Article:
One of the pleasures of living on the outskirts of Fairfax is that we are in contact with wildlife, though I seldom comment on it. From the beginning when I was camping on the hillside above the house during construction, I knew this spot was going to expose us to deer, skunk, raccoon, fox, owls, hawks, vultures and dozens of kinds of birds, several kinds of snakes, and perhaps bobcat. I’ve not been disappointed, I’ve seen all of them.
The neighborhood got a real wake-up call three weeks ago, when several folks on nextdoor.com reported seeing a mountain lion on the other side of the ridge behind our house. We probably see 50 people a day walking their dogs on the street and on the trails of our canyon, and the word spread quickly: we are in cougar country. Perhaps little Fluffy should be on a leash after all.
Also called cougars, panthers and pumas, Puma Concolor were hunted to extinction in many parts of the US. Not so in California, where they are a protected species, and their population has recovered to the point they are now sighted on the edges of towns. If you want some idea, go check out the Bay Area Puma Project website, where you can see records of many sightings in the San Francisco area.
Then a couple of days ago, our neighbor told us she saw what was probably the same mountain lion crossing our street near our houses at around 5pm. Aaack, that is close!
Finally, last night while hiking the trail across the canyon from our house around 5:30pm, we heard a weird sound, like a child crying, up the hill above the trail. At first, we were sure it was a child, and we are wondering if we should go investigate. The sound moves toward the trail ahead of us. Then it turns into a cat fight. Big cats. We can’t see anything, and choosing discretion over valor, we scramble back down the hill, away from the fracas.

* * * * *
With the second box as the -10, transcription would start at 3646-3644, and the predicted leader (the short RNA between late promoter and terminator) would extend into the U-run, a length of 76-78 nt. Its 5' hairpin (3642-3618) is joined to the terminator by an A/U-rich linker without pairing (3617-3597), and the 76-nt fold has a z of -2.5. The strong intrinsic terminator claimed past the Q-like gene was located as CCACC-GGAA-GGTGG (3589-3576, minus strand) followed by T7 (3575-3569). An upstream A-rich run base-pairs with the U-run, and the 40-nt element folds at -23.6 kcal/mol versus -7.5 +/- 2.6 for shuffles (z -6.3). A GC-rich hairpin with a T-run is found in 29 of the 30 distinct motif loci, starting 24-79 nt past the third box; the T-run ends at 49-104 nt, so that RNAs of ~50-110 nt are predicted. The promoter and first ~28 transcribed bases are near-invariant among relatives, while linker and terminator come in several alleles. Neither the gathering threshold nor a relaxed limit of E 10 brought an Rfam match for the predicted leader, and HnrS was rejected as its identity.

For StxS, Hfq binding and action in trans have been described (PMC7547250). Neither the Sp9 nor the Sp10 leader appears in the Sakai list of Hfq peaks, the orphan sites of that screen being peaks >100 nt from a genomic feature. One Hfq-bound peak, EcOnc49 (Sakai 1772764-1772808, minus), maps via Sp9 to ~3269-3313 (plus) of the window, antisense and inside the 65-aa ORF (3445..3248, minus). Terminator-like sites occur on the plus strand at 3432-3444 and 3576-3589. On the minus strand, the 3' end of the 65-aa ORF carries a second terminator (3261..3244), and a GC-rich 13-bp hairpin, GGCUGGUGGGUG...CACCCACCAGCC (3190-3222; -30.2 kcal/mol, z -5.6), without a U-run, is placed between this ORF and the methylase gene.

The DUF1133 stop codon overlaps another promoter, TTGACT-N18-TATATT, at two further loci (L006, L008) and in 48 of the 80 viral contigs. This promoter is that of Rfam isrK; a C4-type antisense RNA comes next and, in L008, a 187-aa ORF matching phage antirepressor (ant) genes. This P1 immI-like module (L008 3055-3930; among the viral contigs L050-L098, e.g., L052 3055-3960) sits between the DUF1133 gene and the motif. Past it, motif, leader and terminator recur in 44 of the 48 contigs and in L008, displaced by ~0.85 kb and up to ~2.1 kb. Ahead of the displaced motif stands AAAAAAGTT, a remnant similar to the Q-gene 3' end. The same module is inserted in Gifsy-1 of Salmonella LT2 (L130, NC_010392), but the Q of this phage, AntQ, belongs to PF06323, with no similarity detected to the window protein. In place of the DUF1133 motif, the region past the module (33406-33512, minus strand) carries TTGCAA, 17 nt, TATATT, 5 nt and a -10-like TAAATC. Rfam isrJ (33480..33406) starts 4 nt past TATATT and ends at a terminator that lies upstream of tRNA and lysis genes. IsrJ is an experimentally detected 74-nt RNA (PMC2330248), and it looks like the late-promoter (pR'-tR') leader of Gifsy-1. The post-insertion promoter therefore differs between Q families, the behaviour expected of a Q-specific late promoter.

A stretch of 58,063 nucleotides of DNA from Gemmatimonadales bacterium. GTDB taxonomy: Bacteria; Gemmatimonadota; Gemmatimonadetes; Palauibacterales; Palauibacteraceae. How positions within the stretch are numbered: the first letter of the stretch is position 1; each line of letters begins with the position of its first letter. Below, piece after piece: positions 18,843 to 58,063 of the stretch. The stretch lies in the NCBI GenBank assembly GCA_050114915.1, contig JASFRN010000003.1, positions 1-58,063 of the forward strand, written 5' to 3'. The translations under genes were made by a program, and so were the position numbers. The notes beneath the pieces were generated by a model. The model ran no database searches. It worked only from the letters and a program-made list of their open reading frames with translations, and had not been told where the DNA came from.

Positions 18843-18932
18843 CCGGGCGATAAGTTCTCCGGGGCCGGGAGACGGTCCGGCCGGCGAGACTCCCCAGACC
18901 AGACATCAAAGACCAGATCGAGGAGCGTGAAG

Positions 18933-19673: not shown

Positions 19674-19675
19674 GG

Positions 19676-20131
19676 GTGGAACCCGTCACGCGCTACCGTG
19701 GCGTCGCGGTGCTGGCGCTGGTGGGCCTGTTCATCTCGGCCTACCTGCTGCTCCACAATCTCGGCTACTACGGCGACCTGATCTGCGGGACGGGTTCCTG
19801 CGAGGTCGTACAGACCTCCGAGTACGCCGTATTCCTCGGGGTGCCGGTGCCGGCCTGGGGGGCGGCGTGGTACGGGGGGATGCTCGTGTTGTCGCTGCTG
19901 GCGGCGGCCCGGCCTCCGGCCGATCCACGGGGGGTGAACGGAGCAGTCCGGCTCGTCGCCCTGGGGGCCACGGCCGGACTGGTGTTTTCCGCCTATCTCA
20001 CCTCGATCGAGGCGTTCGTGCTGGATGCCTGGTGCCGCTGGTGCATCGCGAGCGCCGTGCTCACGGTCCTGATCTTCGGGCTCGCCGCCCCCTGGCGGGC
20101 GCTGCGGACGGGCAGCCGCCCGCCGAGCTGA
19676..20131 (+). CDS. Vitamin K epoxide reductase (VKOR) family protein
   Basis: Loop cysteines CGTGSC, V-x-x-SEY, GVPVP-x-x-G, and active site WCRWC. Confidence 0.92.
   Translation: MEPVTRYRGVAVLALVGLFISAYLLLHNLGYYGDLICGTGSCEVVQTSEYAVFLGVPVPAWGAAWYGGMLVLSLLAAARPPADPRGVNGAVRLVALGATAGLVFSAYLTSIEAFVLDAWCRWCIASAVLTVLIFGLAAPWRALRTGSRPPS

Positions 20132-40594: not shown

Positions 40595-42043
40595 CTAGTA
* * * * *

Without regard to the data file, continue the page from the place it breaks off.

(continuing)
We feel adrenaline for hours. The experience was unreal, especially since I had spent the first part of the hike telling Jen about the neighborhood discussion. Did I manifest this experience by putting my energy into it?
Of course, I had to search the inter-tubes for information. It didn’t take long to find this YouTube video, confirming the sound we heard. One of my friends pointed out that it might have been two cougars mating. Sure enough, more searching reveals that they generally mate in December through March…and cougar screams are associated with mating activities.
So I feel surprised and honored to experience this. And living with one or several large predators in the neighborhood, changes how I feel on some primitive level. When I’m outside, some part of me is just aware. There really isn’t any danger, as I’m sure they are well fed, and cougars generally avoid all human contact.
Still, a 6-foot, 180-pound cat is a presence to reckon with. And much more immediate and interesting than the daily soap opera of our national government.